Take It To The Limit

There was a limit to the number of times he could try and reach out, Lindsey had recently discovered. There had been a time, decades ago now, when he’d been hard-pressed to get her to shut her mouth, but her silent gaze these days just made him uneasy and frustrated. If he pushed too hard, he simply received a dismissive shake of her head and, on the one occasion he’d tried to goad her into an argument, Karen had stepped in, asking him to leave. A fucking statue would’ve been more responsive to him. Even Kristen, who had perfected coolness and ambivalence towards him, would have been provoked into SOMETHING. 

She sat now, gazing into her mirror blankly, and he wondered whether she’d even noticed he was in her dressing room. It was odd to think that they’d known each other for this long and that she didn’t have that awareness of him that he had of her. He’d assumed it was a reciprocal thing, something both of them had battled and failed to absent themselves of in the years since the break-up. Apparently not. He shouldn’t be surprised, really; he’d once assumed a lot of things - that they’d marry, that they’d have children, that she would always love him, that he could make her happy. 

Illusions (delusions?), every last one.

Lindsey cleared his throat. She turned to face him immediately and at least that was somewhat gratifying. And how lowering that he would even think of it in such a way; he hadn’t always had to put up with the crumbs from her table. She’d once begged him for EVERYTHING. 

“Yes?” she said calmly, and he wanted to screw all that lack of emotion up into a tight ball and banish it to the nearest garbage can. 

“Five minutes until we run through a few songs.”  

“I might sit it out tonight.”

“Suit yourself.”

And so he walked out, feeling her eyes on his back, making sure he closed the door behind him with perhaps more energy and volume than it required. This had been the state of affairs for well over a year now, he thought to himself as he walked back to the stage, and it was hell. While he’d taught himself relatively well to tamp down any remaining hopes for some kind of future together, her coldness towards him just provoked him into wanting to make her feel something towards him, in whatever way he could. Hate he had handled before, but apathy was a new kind of hellish existence.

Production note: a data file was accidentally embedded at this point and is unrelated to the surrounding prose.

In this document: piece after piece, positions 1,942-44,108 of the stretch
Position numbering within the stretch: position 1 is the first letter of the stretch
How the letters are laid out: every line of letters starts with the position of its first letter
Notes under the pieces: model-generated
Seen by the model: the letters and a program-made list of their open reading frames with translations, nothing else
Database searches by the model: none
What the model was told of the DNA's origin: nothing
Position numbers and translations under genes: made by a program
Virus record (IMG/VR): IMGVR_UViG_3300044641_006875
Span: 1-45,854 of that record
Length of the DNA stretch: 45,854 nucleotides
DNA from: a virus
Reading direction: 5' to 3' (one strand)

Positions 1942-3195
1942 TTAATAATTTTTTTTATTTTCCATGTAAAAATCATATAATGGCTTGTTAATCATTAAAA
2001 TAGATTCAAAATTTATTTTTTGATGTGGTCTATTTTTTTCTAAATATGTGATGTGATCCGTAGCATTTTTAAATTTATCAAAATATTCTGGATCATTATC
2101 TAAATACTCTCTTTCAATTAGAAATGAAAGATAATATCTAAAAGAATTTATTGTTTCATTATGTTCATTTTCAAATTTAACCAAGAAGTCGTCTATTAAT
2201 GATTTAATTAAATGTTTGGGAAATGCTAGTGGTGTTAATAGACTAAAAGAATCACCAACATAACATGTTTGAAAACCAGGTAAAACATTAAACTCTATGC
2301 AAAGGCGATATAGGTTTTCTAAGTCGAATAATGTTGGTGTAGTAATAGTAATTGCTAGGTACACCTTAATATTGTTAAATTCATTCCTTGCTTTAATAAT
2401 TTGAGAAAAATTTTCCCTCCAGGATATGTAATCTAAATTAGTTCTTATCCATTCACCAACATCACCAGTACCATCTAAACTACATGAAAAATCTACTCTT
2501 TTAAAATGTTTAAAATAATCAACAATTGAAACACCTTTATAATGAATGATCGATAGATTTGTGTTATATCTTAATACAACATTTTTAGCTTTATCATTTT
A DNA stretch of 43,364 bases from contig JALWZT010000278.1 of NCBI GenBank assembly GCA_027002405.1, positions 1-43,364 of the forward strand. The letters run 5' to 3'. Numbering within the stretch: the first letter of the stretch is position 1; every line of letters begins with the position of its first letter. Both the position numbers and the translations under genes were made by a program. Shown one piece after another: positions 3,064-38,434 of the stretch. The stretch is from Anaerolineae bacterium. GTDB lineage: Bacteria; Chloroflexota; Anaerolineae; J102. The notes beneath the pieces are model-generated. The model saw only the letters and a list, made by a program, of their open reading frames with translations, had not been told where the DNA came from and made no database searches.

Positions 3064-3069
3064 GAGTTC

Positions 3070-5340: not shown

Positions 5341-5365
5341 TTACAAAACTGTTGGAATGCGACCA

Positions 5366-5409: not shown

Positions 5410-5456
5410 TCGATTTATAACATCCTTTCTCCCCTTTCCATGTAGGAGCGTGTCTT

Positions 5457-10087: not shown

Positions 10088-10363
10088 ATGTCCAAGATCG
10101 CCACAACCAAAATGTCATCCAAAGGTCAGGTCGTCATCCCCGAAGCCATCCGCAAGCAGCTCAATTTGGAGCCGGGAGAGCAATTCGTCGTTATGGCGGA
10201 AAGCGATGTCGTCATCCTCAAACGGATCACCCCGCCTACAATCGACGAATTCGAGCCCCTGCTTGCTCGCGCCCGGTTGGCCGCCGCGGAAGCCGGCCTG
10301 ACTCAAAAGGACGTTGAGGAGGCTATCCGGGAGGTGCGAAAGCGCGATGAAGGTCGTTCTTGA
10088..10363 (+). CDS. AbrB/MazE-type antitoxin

In Phoenix, she’d come to him for tenderness and comfort onstage and he’d happily given it. At the time, he’d even thought that MAYBE it could be a turning point, a moment that could become more. But no, when he saw her the next day, she’d smiled that inane smile and merely asked him if he’d had a good night’s sleep. She’d been polite and completely disinterested in his actual response, and he’d been left wondering how she managed to switch off so completely after leaving the stage. She’d once found it impossible to separate the two persons. That leg of the tour had ended mere days before Christmas and he’d decided to try again after the final show, cornering her in her suite, where she’d been alone for once. They’d sat cross-legged on her bed as he gave her the jewelry he’d especially picked out, and he’d found himself looking intently at her face, searching for what he wanted to see. She’d been very thankful, almost effusively so, giving him a warm hug and saying all the right things. Lindsey had found himself wanting to shake her, even kiss her soft lips, maybe push her down on her ridiculously large bed and torture her with his hands and his mouth until she screamed his name. He’d wanted to make her eyes light up with something he hadn’t seen in far too many months… 

“Ay, watch it!” 

Christ. He quickly moved closer to the wall to avoid a collision, watching in annoyance as a young crew member he wasn’t sure he recognized kept walking, apparently heading in the same direction he was. Charming. 

Twenty minutes later, as the band - minus Stevie - lazily played their way through an instrumental version of Think About Me, he found himself thinking about the performance they were due to give later in the evening. He had always tended to overthink things, even when he was so stoned that he should’ve had no clarity at all, and this tour had been no different. They’d recently re-introduced Sara into the set and, as usual, what he saw and felt during the song almost entirely contradicted how she responded to him offstage. There had been an unspoken rule for years now about keeping their distance there, primarily in order to prevent any ‘mishaps’ or ‘mistakes’, but she had taken it to a new level, one he felt was more than merely uncomfortable, and which was actually wholly unnecessary. Did she think he was going to jump on her and demand sex if she gave the slightest indication of liking him, even as a friend, for fuck’s sake? He’d wondered if she was perhaps scared of her own responses, but had discounted that apparently poorly formed theory relatively quickly after their most recent show.

Two nights ago, she’d looked into his eyes as he’d given her an Eskimo kiss (he’d almost congratulated himself on his self-restraint; he found it too easy to get caught up in a moment) in Sara and it had been bliss, a few seconds where he’d felt his heart-rate increase and his arousal start to stir. And he could’ve sworn it was real. He’d once prided himself on being able to gauge Stevie’s moods and emotions and, after the show had ended, he’d decided to confront her. Ignoring the issue hadn’t helped, so it was the only recourse left.